The Palatine Passive House by Architect Tiffany Bowie
of Malboeuf Bowie Architecture was one of eight
homes featured during the 2016 Seattle Modern
Home Tour in April. Bowie, a certified passive house
consultant, fielded questions from tour guests curious about
passive construction. “Many people weren’t familiar with
the concept of a passive house, so it was a great educational
opportunity,” Bowie said.
Thanks to its efficient design, the 2,700-square-foot urban
infill project boasts energy usage up to 90 percent less than
standard building code requirements. The home earned
certification as a passive house in April. Its technological
efficiencies include an airtight envelope, continuous high-
performance insulation, and managed solar gain, as well as
the home management and control system Kirio, which
monitors the home’s systems, appliances, and even lighting.
A continuously filtered heat and moisture recovery ventilation
system offers excellent air quality and temperature-control,
making the home exceptionally healthy and comfortable.
Its stunning herringbone façade and clean, modern
landscaping make it a good aesthetic addition to the tree-lined
streets of the Greenwood neighborhood. Bowie worked with
architect Joe Malboeuf, her husband and business partner,
to treat the cedar siding in the manner of “shou sugi ban,” a
Japanese art form for charring cedar. Her father, for whom the
home was designed, also pitched in to help with the charring
and sealing process. In addition to its rich, elegant patina,
the treatment protects the wood and prevents the need for
maintenance. The herringbone pattern was intended to meet at
45-degree angles, but the roof’s pitch was adjusted to slightly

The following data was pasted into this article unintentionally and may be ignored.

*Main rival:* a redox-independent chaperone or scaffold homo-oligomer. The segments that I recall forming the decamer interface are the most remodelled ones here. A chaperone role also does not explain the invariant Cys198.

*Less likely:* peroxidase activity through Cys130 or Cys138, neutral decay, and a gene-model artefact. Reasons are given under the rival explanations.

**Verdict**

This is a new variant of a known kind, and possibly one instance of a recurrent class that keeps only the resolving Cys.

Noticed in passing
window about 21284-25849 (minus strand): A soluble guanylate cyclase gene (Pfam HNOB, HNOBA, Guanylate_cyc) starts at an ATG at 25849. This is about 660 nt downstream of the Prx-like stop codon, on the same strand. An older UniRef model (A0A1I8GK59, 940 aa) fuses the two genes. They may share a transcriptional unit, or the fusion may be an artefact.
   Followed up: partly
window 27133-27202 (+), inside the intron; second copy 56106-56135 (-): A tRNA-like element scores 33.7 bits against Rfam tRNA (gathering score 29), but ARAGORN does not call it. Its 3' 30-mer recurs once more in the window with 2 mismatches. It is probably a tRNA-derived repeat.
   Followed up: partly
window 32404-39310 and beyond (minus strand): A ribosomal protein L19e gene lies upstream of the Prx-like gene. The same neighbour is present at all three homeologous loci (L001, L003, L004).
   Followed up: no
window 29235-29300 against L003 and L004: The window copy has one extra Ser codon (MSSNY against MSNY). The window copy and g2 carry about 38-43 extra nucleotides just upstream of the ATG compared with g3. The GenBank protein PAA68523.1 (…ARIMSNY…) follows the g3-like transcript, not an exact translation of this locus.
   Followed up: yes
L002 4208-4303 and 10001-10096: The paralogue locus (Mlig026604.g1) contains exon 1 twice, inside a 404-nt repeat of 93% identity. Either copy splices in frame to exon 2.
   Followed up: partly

less than 45 degrees in order to keep the roof’s height within
neighborhood restrictions. That made cutting and installing
the siding slightly trickier, but the end result was worth it.
The home’s dark exterior means visitors are in for a
surprise when they step inside. Bowie’s father, a retired energy
consultant who enthusiastically embraced the passive house
concept, has lived abroad in Japan and Scandinavia, and
the home’s design reflects both influences. The interior is
voluminous, bright, and filled with light, natural finishes.
Large windows were strategically placed to maximize daylight.
The floor plan offers three bedrooms, 2.5 bathrooms, and a
loft. The master bedroom design features an open sink and
shower with a separate water closet. Bowie’s go-to white
paint color, Eider White by Sherwin-Williams, is used
throughout the home.
“Joe and I are influenced by Scandinavian architecture
that exhibits simple forms, clean lines, natural materials, and
thoughtful daylighting,” Bowie said. “We like keeping our
designs simple while adding in our own unique details or
using materials in new ways.”
More information on Malboeuf Bowie Architecture: mb-architecture.com